24 October 2005

Shhh, the fascists have quietly usurped control!!!

The Bunker Mentality... By William Rivers Pitt

I wrote to Ambassador Joseph Wilson last week to ask how he and his wife were bearing up, and to remind them that they had a lot of friends. "The outpouring of support has been of great comfort to us these past two years," he wrote back. "The stakes are enormous. This is all about whether our government can take us to war on lies without any fear of being held to account, and whether our democracy can survive the coalition of fascist forces that have seized control of the levers of power."

Heavy stuff. Yet if the desperation we are seeing on the part of defenders of this administration offers any clue, the fascists are running out of explanations. Take Senator Kay Bailey Hutchison's performance on this past Sunday's version of Meet the Press. "I certainly hope," she said when asked about the Fitzgerald investigation into the deliberate outing of covert CIA agent Valerie Plame, "that if there is going to be an indictment that says something happened, that it is an indictment on a crime and not some perjury technicality where they couldn't indict on the crime so they go to something just to show that their two years of investigation were not a waste of time and dollars."

Some perjury technicality, eh? Waste of time and dollars?

Funny the difference almost seven years and two broken elections can make. Back on February 12, 1999, when Ms. Hutchison cast her vote to impeach a sitting president of the United States, she was of a different mind when it came to perjury. Her statement in Congress practically peeled the paint off the wall, so laden was it with outrage at the violation of an oath taken before the delivery of sworn testimony.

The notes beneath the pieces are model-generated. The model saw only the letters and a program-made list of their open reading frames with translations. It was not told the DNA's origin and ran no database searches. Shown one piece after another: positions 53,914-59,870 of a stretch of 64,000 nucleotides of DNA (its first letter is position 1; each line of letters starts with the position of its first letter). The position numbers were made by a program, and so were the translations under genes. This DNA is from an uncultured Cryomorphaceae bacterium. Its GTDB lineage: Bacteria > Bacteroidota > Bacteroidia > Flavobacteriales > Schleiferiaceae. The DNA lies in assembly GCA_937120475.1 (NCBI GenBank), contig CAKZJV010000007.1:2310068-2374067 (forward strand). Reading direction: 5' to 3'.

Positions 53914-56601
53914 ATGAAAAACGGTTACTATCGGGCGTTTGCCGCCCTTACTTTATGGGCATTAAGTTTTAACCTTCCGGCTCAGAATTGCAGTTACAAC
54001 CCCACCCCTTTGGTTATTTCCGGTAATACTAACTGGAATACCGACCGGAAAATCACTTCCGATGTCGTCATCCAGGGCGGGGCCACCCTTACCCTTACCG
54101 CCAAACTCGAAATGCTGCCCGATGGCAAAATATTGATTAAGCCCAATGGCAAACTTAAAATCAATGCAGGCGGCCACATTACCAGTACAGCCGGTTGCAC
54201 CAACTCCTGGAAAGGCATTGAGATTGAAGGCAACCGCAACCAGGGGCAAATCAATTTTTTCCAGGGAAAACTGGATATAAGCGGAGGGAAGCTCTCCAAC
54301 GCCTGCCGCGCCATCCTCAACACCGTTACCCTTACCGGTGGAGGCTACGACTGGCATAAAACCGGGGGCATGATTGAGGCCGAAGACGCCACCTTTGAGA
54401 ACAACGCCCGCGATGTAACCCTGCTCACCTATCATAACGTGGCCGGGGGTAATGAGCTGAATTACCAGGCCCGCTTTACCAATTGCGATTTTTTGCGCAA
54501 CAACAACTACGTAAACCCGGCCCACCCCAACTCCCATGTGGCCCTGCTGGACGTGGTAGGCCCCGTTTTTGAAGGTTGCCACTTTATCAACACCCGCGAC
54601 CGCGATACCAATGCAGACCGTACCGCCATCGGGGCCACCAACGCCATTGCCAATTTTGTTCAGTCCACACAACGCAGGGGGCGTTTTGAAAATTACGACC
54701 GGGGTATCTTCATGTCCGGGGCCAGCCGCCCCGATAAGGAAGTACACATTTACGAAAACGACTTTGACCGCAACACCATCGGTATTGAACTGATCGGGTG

"The edifice of American jurisprudence rests on the foundation of the due process of law," Ms. Hutchison's best speechwriter wrote for her to read that day. "The mortar in that foundation is the oath. Every day, thousands of citizens in thousands of courtrooms across America are sworn in as jurors, as grand jurors, as witnesses, as defendants. On those oaths rest the due process of law upon which all of our other rights are based. The oath is how we defend ourselves against those who would subvert our system by breaking our laws. There are Americans in jail today because they violated that oath."

Here's the funny part. President Clinton violated that oath after being asked a bunch of questions about his personal life, his sex life.

It's a little different today. Anyone violating that oath in Fitzgerald's investigation, be they Lewis Libby or Karl Rove or Judith Miller or John Hannah, will have done so after being asked questions about the deliberate destruction, for political means, of a NOC agent for the CIA who was tasked to track any person, nation or group that might give weapons of mass destruction to terrorists. They will have done so after being asked questions about the destruction of Ms. Plame's intelligence networks, which were assembled person by person in unfriendly lands to help her do her job.

They will have done so after being asked questions about how, exactly, this White House manufactured evidence of WMD in Iraq, by way of the White House Iraq Group and the Office of Special Plans, and sold it to the American people - the interruption of which by Joseph Wilson being the reason we are all dealing with this mess today.